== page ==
Since its founding in 1982, The Federalist Society (FedSoc), the nation’s leading conservative/libertarian legal group, has been a simply remarkable success story. And due to its breathtaking success in inculcating constitutionalist fidelity in a generation of law students and genuinely impacting the shape of the federal judiciary, it is perhaps true that no organization alive today better encapsulates the “vast right-wing conspiracy” that once drew the ire of a younger Hillary Clinton.
The Left, which holds a special disdain for FedSoc due to both its influence and its success in countering the erstwhile ubiquitous (and still overwhelming) leftist groupthink pervading the legal profession, has been on a particularly vicious anti-FedSoc warpath throughout the entirety of the Trump presidency. The Trump administration’s judicial nomination machine is a behemoth, and the Left despises the organization most responsible for steering this new generation of judges toward the direction of constitutional originalism. Indeed, the Left would like nothing more than to take down FedSoc.
Unless Supreme Court Chief Justice John Roberts now intervenes, the Left may come about as close to achieving its goal as it could feasibly get.
The Judicial Conference of the United States, an arcane body established by Congress and led by the chief justice of the Supreme Court, is responsible for helping establish the national policy guidelines that govern the administration of the federal courts. In addition to the chief justice, the Conference consists of a cross-section of judges from the many federal courts.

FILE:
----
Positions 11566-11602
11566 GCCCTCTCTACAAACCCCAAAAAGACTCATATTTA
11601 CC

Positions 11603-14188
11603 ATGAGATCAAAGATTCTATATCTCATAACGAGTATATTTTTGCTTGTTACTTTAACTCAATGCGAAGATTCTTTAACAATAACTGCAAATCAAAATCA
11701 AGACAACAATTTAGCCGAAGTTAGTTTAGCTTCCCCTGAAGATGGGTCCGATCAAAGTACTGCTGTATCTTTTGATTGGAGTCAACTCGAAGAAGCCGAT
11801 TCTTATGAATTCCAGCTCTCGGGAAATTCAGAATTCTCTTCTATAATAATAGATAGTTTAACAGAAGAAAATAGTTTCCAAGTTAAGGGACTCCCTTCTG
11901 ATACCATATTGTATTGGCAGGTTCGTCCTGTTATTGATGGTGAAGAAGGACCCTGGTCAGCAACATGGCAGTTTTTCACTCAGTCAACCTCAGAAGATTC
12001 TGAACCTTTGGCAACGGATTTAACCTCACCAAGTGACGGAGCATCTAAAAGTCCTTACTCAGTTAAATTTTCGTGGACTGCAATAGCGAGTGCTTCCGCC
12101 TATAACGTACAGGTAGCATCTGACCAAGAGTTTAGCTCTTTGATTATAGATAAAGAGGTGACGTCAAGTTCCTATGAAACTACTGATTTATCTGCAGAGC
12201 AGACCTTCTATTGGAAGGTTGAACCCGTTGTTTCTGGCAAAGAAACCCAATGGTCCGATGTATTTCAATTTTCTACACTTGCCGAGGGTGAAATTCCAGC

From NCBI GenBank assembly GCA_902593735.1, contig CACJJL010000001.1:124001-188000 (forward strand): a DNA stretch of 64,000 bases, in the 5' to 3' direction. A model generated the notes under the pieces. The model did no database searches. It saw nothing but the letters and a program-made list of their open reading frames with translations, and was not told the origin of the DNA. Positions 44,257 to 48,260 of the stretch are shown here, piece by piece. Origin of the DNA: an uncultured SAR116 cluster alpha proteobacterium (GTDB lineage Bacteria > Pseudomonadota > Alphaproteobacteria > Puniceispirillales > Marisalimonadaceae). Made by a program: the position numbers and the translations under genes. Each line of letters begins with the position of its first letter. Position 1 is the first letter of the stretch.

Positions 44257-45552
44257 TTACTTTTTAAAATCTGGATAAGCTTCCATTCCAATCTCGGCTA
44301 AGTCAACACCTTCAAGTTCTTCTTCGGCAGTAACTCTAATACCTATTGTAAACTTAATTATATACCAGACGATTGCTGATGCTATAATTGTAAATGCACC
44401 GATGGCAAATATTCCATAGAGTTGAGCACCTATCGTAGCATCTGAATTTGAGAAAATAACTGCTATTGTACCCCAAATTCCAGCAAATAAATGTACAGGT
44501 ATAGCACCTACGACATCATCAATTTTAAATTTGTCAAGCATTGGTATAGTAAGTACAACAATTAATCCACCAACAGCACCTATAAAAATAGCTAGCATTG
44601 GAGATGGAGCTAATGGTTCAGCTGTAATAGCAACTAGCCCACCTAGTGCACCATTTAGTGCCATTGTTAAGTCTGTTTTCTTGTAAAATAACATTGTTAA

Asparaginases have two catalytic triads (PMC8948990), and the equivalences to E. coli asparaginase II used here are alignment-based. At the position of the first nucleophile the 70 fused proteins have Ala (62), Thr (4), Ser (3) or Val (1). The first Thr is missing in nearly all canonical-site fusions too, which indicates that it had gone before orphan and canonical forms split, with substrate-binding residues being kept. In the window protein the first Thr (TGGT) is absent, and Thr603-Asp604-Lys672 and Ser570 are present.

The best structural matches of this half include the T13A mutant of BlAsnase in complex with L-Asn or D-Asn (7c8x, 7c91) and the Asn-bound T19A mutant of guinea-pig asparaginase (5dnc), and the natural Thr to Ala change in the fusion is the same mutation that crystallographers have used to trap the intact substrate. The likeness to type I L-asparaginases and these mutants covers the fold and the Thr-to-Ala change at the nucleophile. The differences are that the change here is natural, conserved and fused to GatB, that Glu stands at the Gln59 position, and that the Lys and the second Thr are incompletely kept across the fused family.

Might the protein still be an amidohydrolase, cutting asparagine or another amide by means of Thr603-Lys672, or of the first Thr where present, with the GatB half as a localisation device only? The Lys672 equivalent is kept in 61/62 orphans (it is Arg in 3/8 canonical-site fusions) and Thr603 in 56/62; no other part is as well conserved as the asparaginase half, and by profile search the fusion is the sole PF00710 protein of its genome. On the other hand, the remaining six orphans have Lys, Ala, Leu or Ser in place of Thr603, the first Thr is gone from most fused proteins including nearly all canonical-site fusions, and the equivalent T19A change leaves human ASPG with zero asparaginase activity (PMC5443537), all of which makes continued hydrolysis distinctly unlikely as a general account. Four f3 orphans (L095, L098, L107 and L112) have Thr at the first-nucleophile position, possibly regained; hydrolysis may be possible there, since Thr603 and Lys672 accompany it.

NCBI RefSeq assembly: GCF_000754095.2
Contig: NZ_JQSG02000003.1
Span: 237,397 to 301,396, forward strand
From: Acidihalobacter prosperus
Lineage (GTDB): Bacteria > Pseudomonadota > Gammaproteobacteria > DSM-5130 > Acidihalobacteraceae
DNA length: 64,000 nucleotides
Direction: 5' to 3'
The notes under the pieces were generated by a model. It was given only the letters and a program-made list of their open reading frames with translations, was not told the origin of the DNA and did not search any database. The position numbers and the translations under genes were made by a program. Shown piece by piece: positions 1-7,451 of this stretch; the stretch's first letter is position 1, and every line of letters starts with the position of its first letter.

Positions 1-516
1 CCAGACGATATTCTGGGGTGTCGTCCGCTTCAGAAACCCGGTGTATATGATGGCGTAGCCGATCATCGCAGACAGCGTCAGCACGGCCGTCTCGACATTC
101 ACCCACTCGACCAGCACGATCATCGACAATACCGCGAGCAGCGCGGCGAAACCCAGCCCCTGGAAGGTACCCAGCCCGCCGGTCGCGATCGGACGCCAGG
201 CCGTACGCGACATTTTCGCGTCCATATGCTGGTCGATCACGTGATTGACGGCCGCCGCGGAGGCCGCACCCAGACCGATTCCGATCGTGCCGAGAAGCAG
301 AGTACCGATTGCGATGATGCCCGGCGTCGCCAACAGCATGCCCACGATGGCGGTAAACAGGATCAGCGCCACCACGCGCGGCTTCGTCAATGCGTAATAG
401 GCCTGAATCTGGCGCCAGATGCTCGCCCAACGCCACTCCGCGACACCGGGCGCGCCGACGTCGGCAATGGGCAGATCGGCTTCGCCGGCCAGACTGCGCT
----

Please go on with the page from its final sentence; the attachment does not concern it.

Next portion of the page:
Alas, the Conference is arcane no longer. Over the past week, the Conference’s Committee on Codes of Conduct, which oversees federal judicial ethics, has forced a national conversation by launching an absolute wrecking ball of a draft advisory opinion. The Committee, which is chaired by Judge Ralph Erickson of the Eight Circuit Court of Appeals, has 15 total members: Eight Democratic presidential nominees, five Republican presidential nominees, and two others (a bankruptcy judge and a magistrate judge).
The Committee’s advisory opinion, if formally implemented by the Committee, would “advise that formal affiliation” with both FedSoc and the American Constitution Society (ACS), FedSoc’s (much) more overtly political progressive counterpart, “is inconsistent with” the governing Code of Conduct for United States Judges. Specifically, the Committee states that “although neither [FedSoc nor ACS] is a ‘political organization'” under the Code, “their activities nevertheless implicate [the Code’s] broad prohibition against political activity” — whatever that is supposed to mean. What’s worse, the draft opinion also holds that federal judges’ law clerks and staff attorneys must not join either FedSoc or ACS. But on the other hand, membership with the leftist, remarkably biased American Bar Association (ABA) “does not raise these same concerns and is not necessarily inconsistent with the Code.”
Where to begin?